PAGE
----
A: Oh, there are way too many bad things that have been said to fixate on just one. I actually had to stop looking at the reviews…uhm, immature is a nice word that gets used quite a bit, shallow…whiny….oh, joy. Yeah, I guess I’m a teenage girl – ‘cause those adjectives I just said, well, they’re used mostly to describe teenage girls.
P: What is the best compliment you’ve ever received?
A: “You made me snort my milk, I was laughing so hard.” I am all about entertaining the peeps – my writing is the opposite of brain surgery – it should just make you laugh. Then I’ve done my whiny, shallow, immature best.
P: Do you have a particular piece of grammar that you screw up regularly?
A: “Get on a stick.” Apparently, it’s: “Get on the stick.” Which makes me think of being on the rag for some reason, so I’m never gonna use it again, I’ve decided. I also misuse semi-colons on a regular basis. I like them an awful lot, so I try and use them wherever and whenever I can.
P: Ah hell. We were getting along so well. I happen to be a staunch anti-semicolonite. (Anti-semi-coloner?)
A: I am an Anti-semi-colonic-er, too! Hehehehe. I don’t like either of them. I try not to use semi-colons or semi-colonics, but sometimes I am forced to and invariably I screw them up. Both of them.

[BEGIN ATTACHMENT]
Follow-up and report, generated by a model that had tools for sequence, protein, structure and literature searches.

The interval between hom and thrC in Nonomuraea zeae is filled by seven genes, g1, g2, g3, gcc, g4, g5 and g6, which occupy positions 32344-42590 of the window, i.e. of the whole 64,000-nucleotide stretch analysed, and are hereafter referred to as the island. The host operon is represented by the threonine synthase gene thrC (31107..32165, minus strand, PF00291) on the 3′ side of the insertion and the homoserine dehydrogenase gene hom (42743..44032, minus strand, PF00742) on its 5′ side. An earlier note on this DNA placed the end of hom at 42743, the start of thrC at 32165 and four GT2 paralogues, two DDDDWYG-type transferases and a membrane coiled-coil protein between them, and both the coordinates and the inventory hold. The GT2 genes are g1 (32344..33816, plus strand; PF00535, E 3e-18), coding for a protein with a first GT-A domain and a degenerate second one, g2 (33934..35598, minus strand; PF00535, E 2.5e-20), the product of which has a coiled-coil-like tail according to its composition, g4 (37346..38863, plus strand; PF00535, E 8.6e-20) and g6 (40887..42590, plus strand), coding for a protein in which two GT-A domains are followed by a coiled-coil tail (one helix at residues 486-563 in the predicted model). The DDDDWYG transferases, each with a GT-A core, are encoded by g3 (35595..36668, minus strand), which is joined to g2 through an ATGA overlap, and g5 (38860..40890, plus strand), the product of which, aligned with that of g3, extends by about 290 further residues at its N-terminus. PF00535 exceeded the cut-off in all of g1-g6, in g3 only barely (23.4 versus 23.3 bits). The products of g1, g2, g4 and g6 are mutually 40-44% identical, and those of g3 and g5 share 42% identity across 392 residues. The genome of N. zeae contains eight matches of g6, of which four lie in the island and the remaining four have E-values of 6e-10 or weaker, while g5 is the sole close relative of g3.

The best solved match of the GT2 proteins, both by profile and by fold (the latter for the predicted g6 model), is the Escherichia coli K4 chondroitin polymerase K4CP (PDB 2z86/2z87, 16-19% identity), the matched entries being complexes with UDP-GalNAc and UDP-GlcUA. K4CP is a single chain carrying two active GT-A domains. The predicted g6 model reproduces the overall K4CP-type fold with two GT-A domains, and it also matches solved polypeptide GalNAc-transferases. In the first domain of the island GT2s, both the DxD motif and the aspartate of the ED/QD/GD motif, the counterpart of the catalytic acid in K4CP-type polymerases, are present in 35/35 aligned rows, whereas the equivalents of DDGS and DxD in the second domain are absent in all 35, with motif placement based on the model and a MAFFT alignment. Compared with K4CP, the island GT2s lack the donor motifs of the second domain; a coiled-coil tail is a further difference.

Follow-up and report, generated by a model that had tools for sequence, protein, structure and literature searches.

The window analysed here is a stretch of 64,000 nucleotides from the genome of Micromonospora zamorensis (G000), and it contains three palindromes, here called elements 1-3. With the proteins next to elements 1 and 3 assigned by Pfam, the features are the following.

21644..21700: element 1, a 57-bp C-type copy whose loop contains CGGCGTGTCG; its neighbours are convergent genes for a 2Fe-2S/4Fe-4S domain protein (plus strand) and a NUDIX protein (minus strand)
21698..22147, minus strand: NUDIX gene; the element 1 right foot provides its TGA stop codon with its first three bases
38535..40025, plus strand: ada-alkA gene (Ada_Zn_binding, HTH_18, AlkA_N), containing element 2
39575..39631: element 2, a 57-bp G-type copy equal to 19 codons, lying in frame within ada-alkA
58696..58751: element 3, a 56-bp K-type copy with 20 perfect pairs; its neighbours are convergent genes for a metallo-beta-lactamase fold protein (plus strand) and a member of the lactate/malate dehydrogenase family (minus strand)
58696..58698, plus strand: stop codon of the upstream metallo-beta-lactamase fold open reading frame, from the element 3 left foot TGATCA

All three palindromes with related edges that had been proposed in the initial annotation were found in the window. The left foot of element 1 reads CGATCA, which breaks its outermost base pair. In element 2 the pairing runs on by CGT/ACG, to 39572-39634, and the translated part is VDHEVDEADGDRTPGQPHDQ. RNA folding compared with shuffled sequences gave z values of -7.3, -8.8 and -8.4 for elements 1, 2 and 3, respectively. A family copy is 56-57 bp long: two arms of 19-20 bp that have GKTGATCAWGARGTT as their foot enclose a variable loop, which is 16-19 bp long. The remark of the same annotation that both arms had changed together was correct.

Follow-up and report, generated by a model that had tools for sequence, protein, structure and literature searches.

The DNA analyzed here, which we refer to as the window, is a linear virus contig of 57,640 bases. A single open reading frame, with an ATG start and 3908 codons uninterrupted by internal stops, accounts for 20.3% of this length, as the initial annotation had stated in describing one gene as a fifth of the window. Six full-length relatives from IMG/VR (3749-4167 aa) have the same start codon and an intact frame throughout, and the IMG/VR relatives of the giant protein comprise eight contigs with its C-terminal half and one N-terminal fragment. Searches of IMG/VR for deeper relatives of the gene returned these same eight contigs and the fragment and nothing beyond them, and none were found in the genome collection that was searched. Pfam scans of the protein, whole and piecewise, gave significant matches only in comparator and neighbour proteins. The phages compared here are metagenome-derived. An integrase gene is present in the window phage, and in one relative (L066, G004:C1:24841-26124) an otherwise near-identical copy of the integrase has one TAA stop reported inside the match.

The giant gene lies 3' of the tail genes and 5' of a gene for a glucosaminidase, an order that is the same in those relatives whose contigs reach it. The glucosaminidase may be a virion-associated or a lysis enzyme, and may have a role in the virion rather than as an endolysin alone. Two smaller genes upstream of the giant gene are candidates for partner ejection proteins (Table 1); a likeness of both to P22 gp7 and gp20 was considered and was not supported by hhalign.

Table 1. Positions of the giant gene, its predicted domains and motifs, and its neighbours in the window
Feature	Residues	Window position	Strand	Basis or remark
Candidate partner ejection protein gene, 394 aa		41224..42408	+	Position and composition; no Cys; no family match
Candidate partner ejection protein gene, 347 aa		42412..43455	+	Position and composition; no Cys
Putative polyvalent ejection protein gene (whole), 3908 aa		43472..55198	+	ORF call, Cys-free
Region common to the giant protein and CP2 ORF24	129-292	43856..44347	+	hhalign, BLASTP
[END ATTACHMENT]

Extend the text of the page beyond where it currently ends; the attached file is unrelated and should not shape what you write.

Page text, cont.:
P: If you could punch one author in the face, who would it be?
A: Myself…sometimes…but mostly I would like to baby tap Stephen King on the chin for being so damned creative. More of an annoyed punch, really, that one person can be so prolific. As far as a full on punch in the face, I reserve that for some of those Rush Limbaugh wannabe, right wing, conservative journalists/bloggers. They make my hackles rise.
P: Heh. Okay. We’re good again. I can overlook our semi-colon differences in light of that.
Rumor has it that Voltare wrote on the naked backs of his lovers. Do you have any little rituals that help you write?
A: Hmmm…I knew I liked Voltaire. I like to check into a motel on the beach for a weekend to start each book I’m working on. It’s like a ‘start-cation’. It helps me get the book going – that is, until my dad comes to visit ‘cause I always stay at a motel near him…and then I get no work done.
P: A while back I made a joke about “transition putty” on my blog. That being, of course, the stuff we writers buy at Home Depot to smooth out our rough transitions.